54. What if that is Bruce wearing the "first batman" costume and the whole drugged out Bruce and Bum storyline is taking place inside his head.  It’s the "good" Bruce trying to gain back controle over the "bad" Bruce (Dr. Hurt).

     I would say thats crazy but this is a Morrison comic we are talking about.

  55. this made zero sense to me.

  56. That’s pretty interesting that maybe Dr. Hurt and Bruce are the same person.  Dr. Hurt originally showed up to create 3 new batmans in case the 1st one didn’t work out, wouldn’t that be something Bruce would do as a contingency plan to save Gotham City if he died?  And Hurt seems to know everything about him.  Plus lets be honest, its the same face with a different haircut

  57. Most comments ever.

    Seriously, if you a huge Batman fan…and who isnt?….then your gonna love this arc. If you know about his past stories and events, your gonna get all the references. It just seems like people are confused or hating this issue cause they just didnt understand what is going on.

    Either you can interpret that he thinks he’s an Alien Batman from Zur-Eh-Arrh who dresses up in bright clothes and has Bat-Mite in his side. Or just that it that Wayne is high as fuck and doesnt know what is going on.

    Anyway you put it, it’s a fun event and I’m sure the 4th part will be even more fucking confusing.

  58. @wade I see what you’re saying. If I didn’t read it myself and someone described to me what was going on I don’t think I’d be that eager to read it. I think I liked so much because I wasn’t that into the first issue, and the second I found to be only a bit better, so my expectations for this were, "Well, this might be anywhere from totally awesome to god-awful." So I was happy with what I got.

  59. For all those conufsed why the talk of Thomas Wayne is coming up, i belive in the last issue some guy (forget who) had put together a dossier for Comissioner Gordon, oultining who the Wayne’s really were. In that issue they say that child barely resembled thomas, or something along those lines, and really that it may have been the child of the butler, whom i assume is alfred. Now if it was alfred, having the butler tied up during the scene, and the butler comment that seems to be the lynchpin of the arguement would make perfect sense. He’s the son of the Wayn’es butler, so its in his blood that he should be a butler for life. It also talked about how that the murder had been set up by Wayne, to kill his wife that betreyed him and fake his own death. Thank you wikipedia.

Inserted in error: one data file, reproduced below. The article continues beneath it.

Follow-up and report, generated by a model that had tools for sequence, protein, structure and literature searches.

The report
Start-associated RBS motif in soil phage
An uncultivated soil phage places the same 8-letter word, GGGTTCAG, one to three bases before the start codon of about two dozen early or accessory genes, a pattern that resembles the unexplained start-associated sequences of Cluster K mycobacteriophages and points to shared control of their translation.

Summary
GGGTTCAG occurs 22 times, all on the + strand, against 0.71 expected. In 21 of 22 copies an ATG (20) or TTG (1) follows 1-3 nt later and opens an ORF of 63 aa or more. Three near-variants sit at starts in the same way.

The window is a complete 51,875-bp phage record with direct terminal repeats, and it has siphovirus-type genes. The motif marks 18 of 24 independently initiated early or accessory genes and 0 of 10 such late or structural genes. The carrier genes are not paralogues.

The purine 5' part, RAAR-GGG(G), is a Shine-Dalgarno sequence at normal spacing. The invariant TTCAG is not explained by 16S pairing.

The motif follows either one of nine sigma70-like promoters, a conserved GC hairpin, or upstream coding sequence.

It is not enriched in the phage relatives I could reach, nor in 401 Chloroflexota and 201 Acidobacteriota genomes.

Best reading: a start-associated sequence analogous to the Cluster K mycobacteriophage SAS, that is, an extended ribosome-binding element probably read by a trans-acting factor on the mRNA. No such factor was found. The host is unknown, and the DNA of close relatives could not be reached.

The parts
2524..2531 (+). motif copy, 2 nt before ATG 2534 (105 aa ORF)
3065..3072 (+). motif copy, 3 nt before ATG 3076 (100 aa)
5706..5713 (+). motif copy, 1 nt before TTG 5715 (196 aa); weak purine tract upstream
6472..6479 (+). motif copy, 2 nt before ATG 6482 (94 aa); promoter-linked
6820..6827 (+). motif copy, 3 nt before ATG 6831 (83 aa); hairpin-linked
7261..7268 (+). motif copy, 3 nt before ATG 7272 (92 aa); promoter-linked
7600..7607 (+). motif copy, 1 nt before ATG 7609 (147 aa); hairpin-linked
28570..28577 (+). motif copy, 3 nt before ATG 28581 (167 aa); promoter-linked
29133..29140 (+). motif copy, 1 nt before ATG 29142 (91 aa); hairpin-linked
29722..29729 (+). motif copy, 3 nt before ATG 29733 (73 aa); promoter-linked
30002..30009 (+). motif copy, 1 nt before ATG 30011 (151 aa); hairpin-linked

60. @TLederz: Right, the only people who think Thomas Wayne is coming back are those who took that (probably forged) file on the Wayne’s seriously. The "some guy" who was talking to Commissioner Gordon was the Mayor of Gotham, who throughout Morrison’s entire run has been an antagonist trying to drive a wedge between Batman and Gordon. The Mayor is probably also a member of the Black Glove organization. In 676 one of the first things we hear is Dr. Hurt tell Hunchback is not to worry about the man he killed, because the Black Glove can just forge medical files to make it look like the guy had "a documented history of paranoid SCHIZOPHRENIA". Then in 677–the next issue–we hear Gordon responding in disbelief at files about Bruce Wayne: "Bruce is reckless inconsistent…but SCHIZOPHRENIC?" Put 2 and 2 together: the Black Glove forged the Wayne files.

    Or else just ask yourself, would DC really how Bruce’s origin to be uprooted like that? Thomas Wayne being alive–being alive and being evil–that just ruins everything. 677 was full of red herrings. I’m telling you Hurt is putting that old Bat costume on just to screw with Bruce once he shows up. It’s a reference to how Robin once dressed up in that costume to pretend to be Bruce’s father once in the early ’80s.

  61. I am lost! But I am enjoying this. I hope the next issue will make some things clearer.

  62. Wow, lots of comments here. Dig it. 🙂

    I guess I wasn’t very articulate with what I was trying to say earlier, I guess I get too excited sometimes & type before I think. Who am I kidding? Me just not so smart. Me not good at type.

    Here is what I was trying to get across — I wasn’t into this issue for the main reason that I don’t like having to decipher what is going on in a story, what is real, what is a dream, if characters are ghosts/hallucinations etc. I don’t enjoy having to read a story 2-3 times to understand it. That’s just my personal preference.

    I found something that somebody wrote on another message board that made this issue clearer to me & might help others —

    "Honor Jackson is real (most likely). The drug dealer in Crime Alley knew him, and he showed up two issues ago when Batman saved him from being run over by that carjacker. What he was to Bruce during this insane odyssey is just a guide. A physical face to put to his mind trying to cope with the disorientation of recovering from a massive drug overdose and memory loss. I liked that he popped up again, though. Morrison made him quite distinctive-looking a couple issues back, giving him the one-lensed sunglasses of Baron Samedi and creating a guise of Death about him. Now we finally see how that all plays out."

    Makes sense to me, but thats my whole point — I don’t wanna have to re-read an issue over & over & search message boards to figure out a story.

    And as far as the Thomas Wayne thing? If DC thought bringing back Jason Todd got a lot of bad reactions, try bringing back Thomas Wayne. It would  totally ruin the character of Batman. I never serioulsy considered this a possibility until I was reading this thread … because even if it was revealed that Thomas Wayne was Dr Hurt, it doesn’t make it fact. It might be a dream, a drug induced hallucination a clone … and a million other things with Morrison in charge.